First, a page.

Michelle is right, though. You learn to trust some reporters who have some interest in the issues and write balanced or at least fair articles. Others, you learn, must be handled with kidd gloves.

  5. #5
    Cyburbian Michele Zone's avatar
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    Quote Originally posted by BKM
    Michelle is right, though. You learn to trust some reporters who have some interest in the issues and write balanced or at least fair articles. Others, you learn, must be handled with kidd gloves.
    Uh, yeah: when I say "assume you are dealing with an idealist", I mean "do not act all suspicious and paranoid and give them reason to hate you on sight". I Do NOT mean "bare your throat to the wolf/vampire and believe them when they say they just want to give it a little kiss". There is a huge difference between taking an "innocent until proven guilty" stance on the character of a person and failing to protect yourself. Obviously, there are journalists who have no ethics. But the ones who are idealists do get kind of cranky about people assuming that all journalists will casually destroy you because it makes for a better read.
    Last edited by Michele Zone; 24 Sep 2004 at 9:04 PM.

  6. #6
    Corn Burning Fool giff57's avatar
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    Find a reporter and explain why planning issues are important. Once you get them hooked you won't have a problem.
    “As soon as public service ceases to be the chief business of the citizens, and they would rather serve with their money than with their persons, the State is not far from its fall”
    Jean-Jacques Rousseau

  7. #7
    Cyburbian Plus Zoning Goddess's avatar
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    We have a "local" section within our city's paper. I have found that one of the columnists in that section provides a much more non-partisan account of zoning issues than do the regular reporters. There is no getting around the fact that kids, big crowds, or sobbing NIMBYs (and believe me, I have sympathized with the nimby crowd a lot, this is not a derogatory term in this post) at a public hearing, will skew the news coverage.

  8. #8

    Regarding News Media & Planners

    Well, these are useful comments so thanks to everyone who contributed to this thread so far. We had more conversation today at the annual meeting of the Idaho Planning Association.

    Aside from a few horror stories, most people at the meeting advocated having planning staff explain the issues to reporters BEFORE the planning commission meeting so the media aren't guessing why 150 people have shown up for the hearing.

    I'm going to followup with the planning staff here on this idea. It looks like a useful approach.

  9. #9
    Cyburbian Emeritus Chet's avatar
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    Quote Originally posted by giff57
    Find a reporter and explain why planning issues are important. Once you get them hooked you won't have a problem.
    Thats the best advice ever. At an old job, our newspaper was a weekly, and the deadlines were 2 days after Plan Commission meetings. I made it a point to get to know the beat reporter and have lunch with him when there were complicated. At my last job though, the reporter was useless, and no amount of coaching would help.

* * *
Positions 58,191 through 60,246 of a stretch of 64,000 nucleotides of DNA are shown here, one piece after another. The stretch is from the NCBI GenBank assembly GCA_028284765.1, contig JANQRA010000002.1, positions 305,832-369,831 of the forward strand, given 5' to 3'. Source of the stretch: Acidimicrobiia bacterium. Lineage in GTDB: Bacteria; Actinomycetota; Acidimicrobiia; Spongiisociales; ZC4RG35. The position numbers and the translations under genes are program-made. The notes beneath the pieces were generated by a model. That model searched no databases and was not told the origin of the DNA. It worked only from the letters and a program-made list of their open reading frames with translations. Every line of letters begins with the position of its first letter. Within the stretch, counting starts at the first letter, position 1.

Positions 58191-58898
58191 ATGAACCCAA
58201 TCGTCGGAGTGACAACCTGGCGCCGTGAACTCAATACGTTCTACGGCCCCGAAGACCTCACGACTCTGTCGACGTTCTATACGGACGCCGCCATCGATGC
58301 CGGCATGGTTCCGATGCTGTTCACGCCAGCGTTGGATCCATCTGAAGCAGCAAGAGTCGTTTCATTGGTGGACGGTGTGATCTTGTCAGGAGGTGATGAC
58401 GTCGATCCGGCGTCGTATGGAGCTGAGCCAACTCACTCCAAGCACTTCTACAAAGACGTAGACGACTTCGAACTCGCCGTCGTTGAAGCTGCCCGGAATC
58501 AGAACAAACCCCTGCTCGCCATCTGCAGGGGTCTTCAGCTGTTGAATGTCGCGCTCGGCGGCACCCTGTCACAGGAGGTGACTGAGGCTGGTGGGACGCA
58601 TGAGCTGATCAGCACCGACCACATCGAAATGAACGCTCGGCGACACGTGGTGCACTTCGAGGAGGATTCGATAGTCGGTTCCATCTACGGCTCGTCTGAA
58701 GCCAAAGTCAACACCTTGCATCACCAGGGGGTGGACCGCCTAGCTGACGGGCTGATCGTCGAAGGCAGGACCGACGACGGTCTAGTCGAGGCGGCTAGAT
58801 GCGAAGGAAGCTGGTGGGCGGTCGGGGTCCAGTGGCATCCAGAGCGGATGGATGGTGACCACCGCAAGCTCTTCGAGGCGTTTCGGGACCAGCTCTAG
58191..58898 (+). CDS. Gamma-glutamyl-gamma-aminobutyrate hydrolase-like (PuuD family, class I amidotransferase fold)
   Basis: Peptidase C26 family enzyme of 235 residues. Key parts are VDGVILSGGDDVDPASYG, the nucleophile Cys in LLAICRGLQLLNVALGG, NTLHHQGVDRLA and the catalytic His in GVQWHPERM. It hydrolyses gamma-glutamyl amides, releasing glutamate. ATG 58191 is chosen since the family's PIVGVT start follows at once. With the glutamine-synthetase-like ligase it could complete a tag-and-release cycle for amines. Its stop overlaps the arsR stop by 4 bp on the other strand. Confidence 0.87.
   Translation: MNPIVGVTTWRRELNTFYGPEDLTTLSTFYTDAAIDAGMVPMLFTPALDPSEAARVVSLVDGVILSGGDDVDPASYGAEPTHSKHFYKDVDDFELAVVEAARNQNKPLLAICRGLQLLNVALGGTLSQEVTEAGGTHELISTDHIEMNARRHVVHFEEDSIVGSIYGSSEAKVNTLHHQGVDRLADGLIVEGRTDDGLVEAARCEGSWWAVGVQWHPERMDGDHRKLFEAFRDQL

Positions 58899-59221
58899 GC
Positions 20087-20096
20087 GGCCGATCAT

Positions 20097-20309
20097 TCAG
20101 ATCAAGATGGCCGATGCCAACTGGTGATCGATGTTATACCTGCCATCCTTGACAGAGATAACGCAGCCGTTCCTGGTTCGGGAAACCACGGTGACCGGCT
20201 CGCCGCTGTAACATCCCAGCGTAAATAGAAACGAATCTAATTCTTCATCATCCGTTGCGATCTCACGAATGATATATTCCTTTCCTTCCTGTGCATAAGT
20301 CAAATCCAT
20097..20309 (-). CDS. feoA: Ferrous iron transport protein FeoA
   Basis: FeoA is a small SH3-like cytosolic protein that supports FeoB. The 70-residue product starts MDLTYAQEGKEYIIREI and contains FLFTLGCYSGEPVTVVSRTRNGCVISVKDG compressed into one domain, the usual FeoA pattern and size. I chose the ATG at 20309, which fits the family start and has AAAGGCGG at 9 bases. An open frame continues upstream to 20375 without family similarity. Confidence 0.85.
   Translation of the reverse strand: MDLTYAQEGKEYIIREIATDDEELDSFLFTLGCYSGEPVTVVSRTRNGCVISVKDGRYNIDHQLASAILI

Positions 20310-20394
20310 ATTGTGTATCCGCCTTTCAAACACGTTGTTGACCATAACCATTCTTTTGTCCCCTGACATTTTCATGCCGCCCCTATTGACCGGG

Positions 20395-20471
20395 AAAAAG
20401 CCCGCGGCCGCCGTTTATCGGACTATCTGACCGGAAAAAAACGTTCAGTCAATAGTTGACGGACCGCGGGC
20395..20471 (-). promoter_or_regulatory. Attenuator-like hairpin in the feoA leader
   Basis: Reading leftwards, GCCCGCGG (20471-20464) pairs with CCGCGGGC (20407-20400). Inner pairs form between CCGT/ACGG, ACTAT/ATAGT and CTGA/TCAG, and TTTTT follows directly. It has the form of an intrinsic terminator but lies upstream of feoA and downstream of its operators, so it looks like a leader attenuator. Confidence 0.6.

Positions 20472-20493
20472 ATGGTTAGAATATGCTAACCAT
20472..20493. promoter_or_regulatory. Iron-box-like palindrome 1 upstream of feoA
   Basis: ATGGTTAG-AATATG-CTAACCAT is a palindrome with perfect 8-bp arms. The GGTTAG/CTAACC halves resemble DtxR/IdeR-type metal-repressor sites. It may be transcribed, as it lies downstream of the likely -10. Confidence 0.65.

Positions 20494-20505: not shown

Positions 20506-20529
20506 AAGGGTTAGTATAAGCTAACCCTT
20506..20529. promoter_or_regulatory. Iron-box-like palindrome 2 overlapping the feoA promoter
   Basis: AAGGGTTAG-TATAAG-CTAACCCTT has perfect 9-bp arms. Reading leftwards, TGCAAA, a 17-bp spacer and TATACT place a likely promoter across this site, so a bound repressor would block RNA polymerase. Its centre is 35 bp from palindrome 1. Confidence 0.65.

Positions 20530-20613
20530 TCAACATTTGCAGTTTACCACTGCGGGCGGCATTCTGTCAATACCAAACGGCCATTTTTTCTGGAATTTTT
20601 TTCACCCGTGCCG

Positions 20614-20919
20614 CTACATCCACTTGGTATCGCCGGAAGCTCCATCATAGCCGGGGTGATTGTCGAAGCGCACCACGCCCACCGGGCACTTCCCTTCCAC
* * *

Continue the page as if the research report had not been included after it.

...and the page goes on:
Off-topic:
    At one point, I even tried to be a whistle-blower and they didnt catch on to the enormity of the problem.

  10. #10
    Member KEViNO's avatar
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    Making News

    I'm a private planner and also appointed by Council to a Planning Commission.

    A few observations:

    [] Space. A publisher once told me that journalism was just the stuff they put in the blank spaces between paid ads. Lesson: An article that compels people to buy the paper so as not to miss the next article that may come along is considered gold. This is more crucial the smaller the city and the smaller the paper. They want a person to think of getting that paper as pretty essential to daily life. An article that pisses off people to the point they boycott the paper is a bad thing. A bad thing.

    [] Libel. Journalists who get any where near strident get slapped with a suit, and I don't mean Ermenegildo Zegna. They err on the safe side. Ask Dan Rather for more details. If you can provide them with written facts, there is a high chance that those will be used.

    [] Timing. Most writers have very little time to reserach and write. Ask an ex-journalist what was the worst part of the job - deadlines. Efficiency is paramount. Whatever you can do to make their job (and life), easier and simpler will be reflected.

    [] Personalities. Some people covering a planning issue are highly informed, some could care less. Some see nothing but what it menas to the people, other to what it says for gender equality. Others for how much cash and jobs it brings. It just depends. Some try so hard to be evenly balanced that the article reads a fluffy beige. And don't - whatever happens - don't ever create an adversarial relation with a paper or a journalist. Just ... don't. If you get bad press, call them on it - respectfully and privately - don't wage a war in public. You will lose.

    [] The message. Keep it simple and 'stay on' the message ... The amount of functional illiteracy in your community .. including those in the middle class will astonish you. Speak their language, and they'll git it. Speak over their heads and they will resent it, even if it your idea/position would actually benefit them.

  11. #11
    Cyburbian solarstar's avatar
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    Quote Originally posted by giff57
    Find a reporter and explain why planning issues are important. Once you get them hooked you won't have a problem.
    Our director (who supervises both Planning and Building) got sick about reading the same, uninformed stuff in the papers and went proactive. He would call the reporters to discuss upcoming complicated issues, and kept a constant open-door policy with them for months. They were kept informed about anything that may trigger citizen interest - pending controversial permits, neighbor disputes that spilled over onto Code Enforcement Board, large-scale builder violations, and upcoming land-use changes. It was exhausting, but really turned things around. (One negative result, at least for us, is that one reporter took such an interest and initiative in researching planning issues that she was promoted to a larger bureau and no longer covers our smaller area. He had to start over with a new, inexperienced reporter on that paper.)